Estate Planning Opportunities in Anticipation of Tax Changes

March 10, 2021
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We saw a major swing of power with this past election as President Biden moved into the White House and Democrats gained a technical majority in the Senate. No matter your political beliefs, it is important to study political trends when it comes to financial planning. This is especially true when addressing your tax planning from year to year and your long-term estate plan.

We don’t know exactly what these next two years will bring, or if majority control will switch back in either the House or Senate in the 2022 midterm elections. Our economy is still reeling from the pandemic and economic recovery presents myriad challenges on the horizon for everyone.

Wealthier individuals and business owners, however, definitely need to pay attention to the political landscape as tax laws are likely to be affected by the new administration. We still don’t know what legislative changes will actually be passed. We don’t know when they will be enacted. That shouldn’t stop you from preparing now for tax law changes likely to take place in the somewhat near future. Let’s look at a few tax policies that could be affected:

Income Tax

This will have the most immediate impact for high-income earners. Biden has made it clear he wants to continue offering more tax breaks for lower-income households while wealthier people would be seeing higher tax liabilities. Putting more money toward retirement accounts, contributing more to charity and giving more tax-free gifts are good opportunities to reduce your taxable income from year to year. If you are not already implementing annual gift-giving as part of your estate plan, now is a good time to start.

Gift Tax

Let’s talk about the gift tax exemptions and limits. You are currently allowed to give anyone a cash gift of up to $15,000 per year (or $30,000 if each parent gives the maximum gift). This is a great strategy for wealthy individuals looking to distribute their wealth to their heirs through annual payments rather than one lump sum upon death—an amount that is subject to costly federal and state estate taxes. The current gift, estate and generation skipping tax (GST) exemption amount is $11,700,000. You want to take advantage of this opportunity while it exists.

Under law (as part of the Tax Cuts and Jobs Act of 2017), this exemption amount will automatically “sunset” and be cut by 50% in 2026 (to roughly $6 million per person, depending on inflation adjustments at the time). Biden’s policies could force changes sooner. Some numbers already out there include the lifetime gift, estate and GST exemption being reduced to $3,500,000 and a maximum of $1 million in tax-free lifetime gifts.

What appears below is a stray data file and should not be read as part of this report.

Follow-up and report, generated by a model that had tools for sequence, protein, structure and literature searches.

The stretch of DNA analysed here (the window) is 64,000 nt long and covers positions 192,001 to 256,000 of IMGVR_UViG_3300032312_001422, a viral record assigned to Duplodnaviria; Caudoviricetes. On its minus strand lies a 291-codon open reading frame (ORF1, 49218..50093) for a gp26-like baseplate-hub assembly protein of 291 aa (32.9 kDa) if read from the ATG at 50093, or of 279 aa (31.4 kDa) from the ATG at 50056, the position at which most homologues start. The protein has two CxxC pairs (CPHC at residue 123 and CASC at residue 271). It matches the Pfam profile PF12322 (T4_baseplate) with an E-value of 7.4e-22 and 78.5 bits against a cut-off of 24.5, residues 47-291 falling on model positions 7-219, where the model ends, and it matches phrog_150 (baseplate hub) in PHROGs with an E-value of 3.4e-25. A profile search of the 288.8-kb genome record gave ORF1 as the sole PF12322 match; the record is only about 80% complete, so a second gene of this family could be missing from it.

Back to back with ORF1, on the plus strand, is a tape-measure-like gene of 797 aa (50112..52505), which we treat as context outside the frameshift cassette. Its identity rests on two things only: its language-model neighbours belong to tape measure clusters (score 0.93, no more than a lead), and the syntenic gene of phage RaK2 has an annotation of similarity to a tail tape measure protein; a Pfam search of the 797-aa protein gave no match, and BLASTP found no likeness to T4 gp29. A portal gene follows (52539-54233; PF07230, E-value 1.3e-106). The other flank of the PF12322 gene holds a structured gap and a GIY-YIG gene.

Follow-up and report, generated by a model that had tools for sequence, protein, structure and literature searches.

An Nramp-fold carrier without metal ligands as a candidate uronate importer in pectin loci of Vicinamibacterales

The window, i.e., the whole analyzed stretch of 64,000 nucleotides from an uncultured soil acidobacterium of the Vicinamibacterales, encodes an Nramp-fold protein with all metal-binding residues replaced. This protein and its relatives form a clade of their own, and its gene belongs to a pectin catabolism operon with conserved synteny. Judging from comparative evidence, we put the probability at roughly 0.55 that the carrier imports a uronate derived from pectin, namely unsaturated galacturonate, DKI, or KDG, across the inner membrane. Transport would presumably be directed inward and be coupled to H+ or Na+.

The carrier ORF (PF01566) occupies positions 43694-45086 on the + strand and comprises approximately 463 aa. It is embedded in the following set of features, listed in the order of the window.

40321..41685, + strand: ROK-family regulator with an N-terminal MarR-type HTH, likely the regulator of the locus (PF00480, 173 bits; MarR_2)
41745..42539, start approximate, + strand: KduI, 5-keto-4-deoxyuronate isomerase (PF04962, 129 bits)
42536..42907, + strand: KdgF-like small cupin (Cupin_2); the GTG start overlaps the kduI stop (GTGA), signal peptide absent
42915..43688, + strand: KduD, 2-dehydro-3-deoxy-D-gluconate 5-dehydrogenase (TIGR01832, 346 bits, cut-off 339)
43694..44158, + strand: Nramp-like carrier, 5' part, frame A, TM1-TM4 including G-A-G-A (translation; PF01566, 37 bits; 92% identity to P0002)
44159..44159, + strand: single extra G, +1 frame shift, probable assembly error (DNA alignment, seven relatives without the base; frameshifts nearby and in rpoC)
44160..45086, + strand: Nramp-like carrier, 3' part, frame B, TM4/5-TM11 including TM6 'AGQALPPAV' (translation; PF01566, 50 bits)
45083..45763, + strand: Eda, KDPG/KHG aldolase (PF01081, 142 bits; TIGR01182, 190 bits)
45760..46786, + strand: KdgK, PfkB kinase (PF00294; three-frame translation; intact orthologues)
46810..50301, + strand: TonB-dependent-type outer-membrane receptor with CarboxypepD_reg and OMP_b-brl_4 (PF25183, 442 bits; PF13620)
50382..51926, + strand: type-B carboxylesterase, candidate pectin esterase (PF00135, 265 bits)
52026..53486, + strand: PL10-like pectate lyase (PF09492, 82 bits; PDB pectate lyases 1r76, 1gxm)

Estate Tax

Estate taxes are less of a priority for the Biden administration and effects won’t be felt as immediately. However, proposed changes are important to monitor as you develop and refine your long-term estate plan. We might see the estate tax rates increase from 40% to a much higher percentage yet to be announced. We could see the stepped-up basis rules eliminated and valuation discounts between family members be eliminated.

With these potential changes ahead—not to mention other uncertainties in this crazy world—here are a few estate planning opportunities you should be taking care of now:

  • Annual Exclusion Gifts—Gift-giving can be done tax-free each year as long as you don’t exceed the annual exemption amounts ($15,000 per recipient) or the lifetime amount (currently $11,700,000, but likely to decrease by 2026 or sooner). These smaller gifts can accumulate to significant amounts and allow you to preemptively distribute your wealth to your beneficiaries.
  • Asset Gifts—You can leverage the current high estate tax exemption amount ($11,700,000) by giving gifts of fractional interests in real property or business ownership interests in a family business that qualify for valuation discounts. You will want to protect against potential retroactive changes to the total gift exemption by using disclaimers, formula gifts and/or lifetime qualified terminal interest property (QTIP) trust elections.
  • Make Loans to Children—You can provide low-interest loans to your children and heirs to help them buy homes or start businesses.
  • Grantor Trusts—Take advantage of grantor trusts to minimize estate taxes.
  • Spousal Lifetime Access Trust (SLAT)—Establish a trust for your spouse to avoid significant estate taxes upon your death and utilize the current high gift exemption amount.
  • Irrevocable Life Insurance Trust (ILIT)—These can be used in conjunction with various estate planning strategies to provide more liquidity and protect your financial assets in case of a premature death.
  • Grantor Retained Annuity Trust (GRAT)—These are used to enable a parent to transfer assets with potential for high appreciation to their children. Low valuations and low interest rates make this option even more attractive right now.
  • Intentionally Defective Grantor Trust (IDGT)—Giving gifts and sales to an IDGT can allow you to transfer large business interests, real property and other investment assets with strong cash flow.

As you can see, there are many different estate planning opportunities you might want to take advantage of now. These are good opportunities no matter what, and could be even more timely in the anticipation of major tax law changes that might be on the horizon.

For all your financial planning, tax planning, business planning and estate planning needs, contact Illumination Wealth today.